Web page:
The silent world of sign language

A world without sound.  The sound of the rain pouring onto a tin overhang, gone. The sound of a sultry singer’s smooth falsettos, gone. The sound of a loved one’s familiar voice never known.

This is the everyday life of someone who is deaf. While this seems sad to those who can hear, the silent world is all people of the deaf community know.

Many people only know that people are deaf, and they speak sign language. Most do not know much about the deaf community.

Pat Masterson is there to teach people about the many different aspects of the deaf community.

Masterson, 59, is a sign language professor at City College.  Every semester she comes to campus hoping to excite students about sign language.

“I want to get them so excited that they want to stay in class,” Masterson says.

Students can become frustrated when they feel like their workload is too much in one class.  Sign language can be one of those classes.

“Once they realize how much work it is, if I don;t have them excited, then they will drop,” Masterson says.

Masterson knows all about the work it takes to get through sign language courses when she started taking sign classes at City College. After a few interpreting jobs at offices she began interpreting for American River college. she eventually made her way to where she is today, at City college teaching sign language.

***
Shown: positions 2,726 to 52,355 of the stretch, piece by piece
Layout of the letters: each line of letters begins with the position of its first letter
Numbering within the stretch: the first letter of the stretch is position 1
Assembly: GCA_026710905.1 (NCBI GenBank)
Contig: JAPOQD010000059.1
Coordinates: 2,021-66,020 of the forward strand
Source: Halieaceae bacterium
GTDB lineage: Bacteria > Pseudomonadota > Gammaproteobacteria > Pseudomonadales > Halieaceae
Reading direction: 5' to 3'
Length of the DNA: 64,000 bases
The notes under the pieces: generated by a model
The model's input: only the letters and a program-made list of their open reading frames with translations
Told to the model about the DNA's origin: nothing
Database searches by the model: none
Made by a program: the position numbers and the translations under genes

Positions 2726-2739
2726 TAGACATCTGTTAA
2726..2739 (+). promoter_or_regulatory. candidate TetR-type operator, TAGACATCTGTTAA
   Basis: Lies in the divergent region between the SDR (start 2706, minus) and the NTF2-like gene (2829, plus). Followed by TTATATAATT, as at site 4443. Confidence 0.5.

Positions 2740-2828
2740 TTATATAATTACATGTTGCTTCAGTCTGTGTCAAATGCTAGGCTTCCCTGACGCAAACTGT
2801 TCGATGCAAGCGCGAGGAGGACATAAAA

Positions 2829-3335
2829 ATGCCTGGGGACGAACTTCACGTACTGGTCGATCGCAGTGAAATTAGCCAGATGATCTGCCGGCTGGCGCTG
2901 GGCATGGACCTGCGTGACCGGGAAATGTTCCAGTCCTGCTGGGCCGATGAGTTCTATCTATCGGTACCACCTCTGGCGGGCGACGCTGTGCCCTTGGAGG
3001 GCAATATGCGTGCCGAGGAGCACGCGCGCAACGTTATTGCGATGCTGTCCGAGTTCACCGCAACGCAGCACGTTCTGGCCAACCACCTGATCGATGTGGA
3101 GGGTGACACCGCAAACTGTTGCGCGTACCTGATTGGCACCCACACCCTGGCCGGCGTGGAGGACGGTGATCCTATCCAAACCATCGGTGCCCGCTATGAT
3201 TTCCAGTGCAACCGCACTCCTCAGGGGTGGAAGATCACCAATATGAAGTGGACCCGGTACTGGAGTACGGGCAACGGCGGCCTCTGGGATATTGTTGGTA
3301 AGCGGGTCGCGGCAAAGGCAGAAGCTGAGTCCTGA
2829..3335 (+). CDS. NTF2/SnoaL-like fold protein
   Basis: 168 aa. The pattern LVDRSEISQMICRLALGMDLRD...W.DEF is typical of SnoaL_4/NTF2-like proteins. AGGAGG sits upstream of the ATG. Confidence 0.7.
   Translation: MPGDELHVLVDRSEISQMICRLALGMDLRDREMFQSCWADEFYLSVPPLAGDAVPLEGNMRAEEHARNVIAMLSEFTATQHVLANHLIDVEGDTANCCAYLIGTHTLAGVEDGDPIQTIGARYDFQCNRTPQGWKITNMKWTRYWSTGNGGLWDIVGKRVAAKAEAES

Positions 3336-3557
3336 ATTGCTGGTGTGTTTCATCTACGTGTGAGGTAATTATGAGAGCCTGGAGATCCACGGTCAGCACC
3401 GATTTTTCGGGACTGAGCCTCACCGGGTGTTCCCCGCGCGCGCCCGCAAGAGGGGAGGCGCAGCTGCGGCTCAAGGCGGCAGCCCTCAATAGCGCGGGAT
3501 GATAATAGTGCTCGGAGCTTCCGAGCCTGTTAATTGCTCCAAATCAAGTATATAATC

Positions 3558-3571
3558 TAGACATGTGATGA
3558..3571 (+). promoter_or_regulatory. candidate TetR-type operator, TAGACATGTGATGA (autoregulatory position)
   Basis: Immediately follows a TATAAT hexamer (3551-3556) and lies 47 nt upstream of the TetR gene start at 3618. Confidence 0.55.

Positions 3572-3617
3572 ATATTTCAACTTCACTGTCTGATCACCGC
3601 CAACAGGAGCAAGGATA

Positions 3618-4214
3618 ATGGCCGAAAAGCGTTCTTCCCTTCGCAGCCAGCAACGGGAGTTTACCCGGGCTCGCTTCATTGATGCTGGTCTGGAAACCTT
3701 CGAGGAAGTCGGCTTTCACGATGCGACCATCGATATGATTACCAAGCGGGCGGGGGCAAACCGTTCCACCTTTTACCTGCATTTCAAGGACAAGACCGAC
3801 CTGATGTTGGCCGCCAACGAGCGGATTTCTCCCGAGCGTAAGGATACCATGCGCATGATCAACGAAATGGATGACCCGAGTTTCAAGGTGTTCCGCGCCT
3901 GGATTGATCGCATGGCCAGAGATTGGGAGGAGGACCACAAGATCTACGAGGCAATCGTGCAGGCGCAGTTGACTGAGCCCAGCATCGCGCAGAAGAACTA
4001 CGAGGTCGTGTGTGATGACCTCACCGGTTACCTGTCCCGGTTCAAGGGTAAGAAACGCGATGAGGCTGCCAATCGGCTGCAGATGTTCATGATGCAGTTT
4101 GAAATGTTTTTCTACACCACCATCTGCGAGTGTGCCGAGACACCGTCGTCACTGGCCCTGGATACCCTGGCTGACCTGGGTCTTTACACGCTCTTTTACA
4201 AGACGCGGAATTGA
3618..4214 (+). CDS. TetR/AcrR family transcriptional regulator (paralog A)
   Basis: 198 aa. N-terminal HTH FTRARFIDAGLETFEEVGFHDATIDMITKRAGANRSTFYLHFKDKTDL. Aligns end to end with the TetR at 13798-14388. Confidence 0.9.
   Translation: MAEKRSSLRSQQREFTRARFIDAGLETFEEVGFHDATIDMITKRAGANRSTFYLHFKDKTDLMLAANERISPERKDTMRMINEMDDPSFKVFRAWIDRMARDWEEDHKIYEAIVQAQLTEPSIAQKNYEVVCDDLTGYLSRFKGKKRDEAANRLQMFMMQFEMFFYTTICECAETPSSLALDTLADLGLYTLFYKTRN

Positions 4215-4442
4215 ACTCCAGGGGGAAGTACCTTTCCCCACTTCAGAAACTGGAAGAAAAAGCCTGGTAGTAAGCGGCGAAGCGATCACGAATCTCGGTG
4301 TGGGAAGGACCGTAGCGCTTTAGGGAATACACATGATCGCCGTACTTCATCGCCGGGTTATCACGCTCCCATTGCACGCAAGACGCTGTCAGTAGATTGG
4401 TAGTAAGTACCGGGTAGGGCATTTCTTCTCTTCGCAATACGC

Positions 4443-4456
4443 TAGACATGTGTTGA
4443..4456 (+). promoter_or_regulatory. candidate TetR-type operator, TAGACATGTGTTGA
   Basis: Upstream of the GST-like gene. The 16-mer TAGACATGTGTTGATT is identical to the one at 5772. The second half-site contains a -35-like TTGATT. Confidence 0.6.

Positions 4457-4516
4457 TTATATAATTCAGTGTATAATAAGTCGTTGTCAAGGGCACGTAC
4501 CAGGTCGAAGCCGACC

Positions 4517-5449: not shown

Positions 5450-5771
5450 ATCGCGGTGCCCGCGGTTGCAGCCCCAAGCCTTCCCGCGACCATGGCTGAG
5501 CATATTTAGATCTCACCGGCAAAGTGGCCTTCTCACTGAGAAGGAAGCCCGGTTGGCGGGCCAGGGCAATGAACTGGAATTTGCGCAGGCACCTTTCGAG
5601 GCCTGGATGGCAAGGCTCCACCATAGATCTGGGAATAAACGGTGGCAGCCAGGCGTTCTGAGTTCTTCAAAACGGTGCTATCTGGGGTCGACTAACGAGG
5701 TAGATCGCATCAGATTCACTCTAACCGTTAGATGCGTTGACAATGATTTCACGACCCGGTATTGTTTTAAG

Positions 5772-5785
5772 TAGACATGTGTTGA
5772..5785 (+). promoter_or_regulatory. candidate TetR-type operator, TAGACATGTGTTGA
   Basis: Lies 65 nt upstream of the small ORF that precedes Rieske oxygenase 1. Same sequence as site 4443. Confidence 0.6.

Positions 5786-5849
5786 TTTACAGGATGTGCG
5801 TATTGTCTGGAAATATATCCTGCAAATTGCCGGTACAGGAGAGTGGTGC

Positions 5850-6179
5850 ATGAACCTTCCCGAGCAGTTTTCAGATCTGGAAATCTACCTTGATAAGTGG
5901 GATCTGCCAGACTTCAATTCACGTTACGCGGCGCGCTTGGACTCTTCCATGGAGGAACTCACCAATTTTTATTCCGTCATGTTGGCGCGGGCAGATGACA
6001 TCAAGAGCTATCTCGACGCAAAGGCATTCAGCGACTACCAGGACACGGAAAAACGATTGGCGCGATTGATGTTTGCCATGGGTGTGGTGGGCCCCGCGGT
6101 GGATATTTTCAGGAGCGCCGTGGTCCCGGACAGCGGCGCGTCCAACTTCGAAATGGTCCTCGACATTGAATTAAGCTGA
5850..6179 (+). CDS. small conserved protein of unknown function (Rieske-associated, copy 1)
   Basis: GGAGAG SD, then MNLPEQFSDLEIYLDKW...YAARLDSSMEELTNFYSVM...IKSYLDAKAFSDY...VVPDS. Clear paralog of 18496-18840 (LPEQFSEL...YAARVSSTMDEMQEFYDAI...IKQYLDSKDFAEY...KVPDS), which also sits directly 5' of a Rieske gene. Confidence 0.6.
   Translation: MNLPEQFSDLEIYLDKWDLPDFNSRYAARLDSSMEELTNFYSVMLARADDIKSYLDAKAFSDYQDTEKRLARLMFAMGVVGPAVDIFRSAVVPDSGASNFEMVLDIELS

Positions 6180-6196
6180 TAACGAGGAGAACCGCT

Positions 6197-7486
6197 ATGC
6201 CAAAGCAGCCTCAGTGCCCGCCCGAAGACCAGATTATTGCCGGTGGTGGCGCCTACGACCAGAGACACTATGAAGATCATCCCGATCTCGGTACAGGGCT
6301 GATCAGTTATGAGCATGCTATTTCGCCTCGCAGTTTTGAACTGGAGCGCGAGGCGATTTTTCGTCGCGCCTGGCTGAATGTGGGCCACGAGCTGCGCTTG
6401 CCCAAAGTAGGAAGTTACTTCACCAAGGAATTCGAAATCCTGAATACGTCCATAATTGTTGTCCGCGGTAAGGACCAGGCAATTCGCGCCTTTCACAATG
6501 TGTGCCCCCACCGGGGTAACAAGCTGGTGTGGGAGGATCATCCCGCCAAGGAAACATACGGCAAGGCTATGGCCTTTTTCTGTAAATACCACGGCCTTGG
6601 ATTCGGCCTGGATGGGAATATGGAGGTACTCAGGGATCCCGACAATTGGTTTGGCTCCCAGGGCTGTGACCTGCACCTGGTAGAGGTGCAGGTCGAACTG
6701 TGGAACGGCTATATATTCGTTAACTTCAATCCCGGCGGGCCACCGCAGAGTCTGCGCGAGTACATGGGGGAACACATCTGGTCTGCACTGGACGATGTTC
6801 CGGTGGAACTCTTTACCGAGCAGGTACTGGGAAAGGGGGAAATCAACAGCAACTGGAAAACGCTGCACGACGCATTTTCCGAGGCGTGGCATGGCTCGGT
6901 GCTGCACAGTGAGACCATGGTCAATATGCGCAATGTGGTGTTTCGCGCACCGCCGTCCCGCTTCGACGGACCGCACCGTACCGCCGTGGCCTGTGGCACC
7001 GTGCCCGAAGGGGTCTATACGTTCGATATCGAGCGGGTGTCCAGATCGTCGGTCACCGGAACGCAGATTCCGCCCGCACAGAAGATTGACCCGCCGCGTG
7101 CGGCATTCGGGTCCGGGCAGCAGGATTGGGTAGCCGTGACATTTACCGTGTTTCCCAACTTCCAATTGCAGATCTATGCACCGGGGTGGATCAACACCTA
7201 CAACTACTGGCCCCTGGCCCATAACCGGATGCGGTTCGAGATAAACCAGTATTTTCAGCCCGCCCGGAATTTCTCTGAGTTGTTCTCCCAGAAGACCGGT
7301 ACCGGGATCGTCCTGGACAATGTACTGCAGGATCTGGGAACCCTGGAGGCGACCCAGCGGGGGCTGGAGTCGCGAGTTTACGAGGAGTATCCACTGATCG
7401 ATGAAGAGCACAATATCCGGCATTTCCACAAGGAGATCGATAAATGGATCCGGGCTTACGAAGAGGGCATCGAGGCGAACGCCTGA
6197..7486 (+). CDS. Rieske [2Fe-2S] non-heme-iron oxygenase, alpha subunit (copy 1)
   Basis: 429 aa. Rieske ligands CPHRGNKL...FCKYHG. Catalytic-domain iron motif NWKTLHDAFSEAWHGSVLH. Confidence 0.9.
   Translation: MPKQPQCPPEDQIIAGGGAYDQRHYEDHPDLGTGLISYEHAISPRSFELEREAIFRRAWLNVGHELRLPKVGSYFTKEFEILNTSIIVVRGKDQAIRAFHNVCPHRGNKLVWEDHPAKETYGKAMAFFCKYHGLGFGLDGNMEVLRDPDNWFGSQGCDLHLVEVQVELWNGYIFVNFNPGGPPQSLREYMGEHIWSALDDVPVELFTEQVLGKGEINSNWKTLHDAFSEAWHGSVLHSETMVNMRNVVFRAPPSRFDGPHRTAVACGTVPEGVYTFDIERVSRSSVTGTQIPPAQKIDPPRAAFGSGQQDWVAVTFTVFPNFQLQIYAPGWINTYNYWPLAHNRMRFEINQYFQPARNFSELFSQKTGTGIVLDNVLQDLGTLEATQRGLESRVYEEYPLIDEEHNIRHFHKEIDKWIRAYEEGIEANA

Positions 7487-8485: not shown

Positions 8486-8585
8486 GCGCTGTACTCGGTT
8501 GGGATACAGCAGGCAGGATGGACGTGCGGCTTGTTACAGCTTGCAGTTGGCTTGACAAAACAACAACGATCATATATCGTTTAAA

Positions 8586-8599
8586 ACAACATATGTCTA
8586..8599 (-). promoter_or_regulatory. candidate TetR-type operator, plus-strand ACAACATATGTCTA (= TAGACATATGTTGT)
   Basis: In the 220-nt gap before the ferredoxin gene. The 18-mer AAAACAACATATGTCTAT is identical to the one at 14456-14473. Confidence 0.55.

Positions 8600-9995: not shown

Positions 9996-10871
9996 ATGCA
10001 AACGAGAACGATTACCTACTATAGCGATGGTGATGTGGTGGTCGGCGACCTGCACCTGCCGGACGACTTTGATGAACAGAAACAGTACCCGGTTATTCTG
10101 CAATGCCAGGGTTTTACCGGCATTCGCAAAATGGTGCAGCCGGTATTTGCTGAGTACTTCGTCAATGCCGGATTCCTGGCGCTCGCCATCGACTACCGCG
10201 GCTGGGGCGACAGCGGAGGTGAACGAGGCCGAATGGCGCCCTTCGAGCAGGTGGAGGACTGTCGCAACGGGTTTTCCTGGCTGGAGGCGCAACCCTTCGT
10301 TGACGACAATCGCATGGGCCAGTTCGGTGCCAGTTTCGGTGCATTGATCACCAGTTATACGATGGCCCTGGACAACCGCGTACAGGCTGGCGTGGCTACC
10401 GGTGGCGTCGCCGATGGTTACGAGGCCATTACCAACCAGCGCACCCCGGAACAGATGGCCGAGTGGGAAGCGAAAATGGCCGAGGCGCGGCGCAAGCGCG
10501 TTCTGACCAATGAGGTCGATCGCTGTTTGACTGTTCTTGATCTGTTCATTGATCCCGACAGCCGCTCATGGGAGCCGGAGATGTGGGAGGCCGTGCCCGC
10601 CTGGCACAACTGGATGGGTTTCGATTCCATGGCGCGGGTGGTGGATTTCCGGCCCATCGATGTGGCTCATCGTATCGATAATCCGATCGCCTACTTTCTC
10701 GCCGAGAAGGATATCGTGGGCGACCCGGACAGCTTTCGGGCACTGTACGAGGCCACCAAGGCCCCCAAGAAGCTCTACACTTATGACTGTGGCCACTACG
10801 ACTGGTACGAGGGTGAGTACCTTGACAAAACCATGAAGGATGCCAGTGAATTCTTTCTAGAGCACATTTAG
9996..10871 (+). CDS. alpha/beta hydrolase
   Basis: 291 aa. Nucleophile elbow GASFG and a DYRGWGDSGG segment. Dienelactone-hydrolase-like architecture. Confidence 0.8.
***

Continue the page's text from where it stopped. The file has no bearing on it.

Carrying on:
In her classroom,”NO VOICE” is written on the board.  Masterson uses grandiose facial expressions to capture the student’s attention without sound.  Her clever wit and passion for teaching is expressed through sign language and helps students feel more comfortable.

From the first day of the semester students learn Masterson’s teaching style quickly.

Masterson’s former sign student Jessica Davis says,” It was hard for me to adjust to the fact that we couldn’t say anything throughout the class. But as we learned more about the deaf community I think a lot of people respected it.”

Davis mentions how much she learned about the deaf community.  This is because Massterson makes it a point to inform students about the people who use this language every day.

“As with other languages, culture is important in order to really understand the language,” Masterson says.

She informs students about the culture by showing emotionally moving videos about the deaf community, sharing stories of individuals who are deaf, and incorporating volunteer work into assignments.

Each student in her sign classes must write a paper about an event they attend. The event must be a deaf event,m meaning the community must be the focus of the event.

There are many options Masterson gives students, including deaf sporting events, bingo games and ice-cream socials.

“We have a lot of sign students volunteer at these events,” Norcal Center event organizer Tammy Lavario says, “Sometimes we have so many that  we don’t have any jobs for them. It’s great!”

While there are many options for an event, Masterson has only one goal when sending her students out to these events.

“If we can get students to go out into the community and make friends and see the advantages of doing that,m then they get back probably more that they give,” she says.

Masterson has successfully taught get students at City College for many years now.

When asked about her favorite part of teaching sign language she says, “Learning as much from my students as they learn from me.”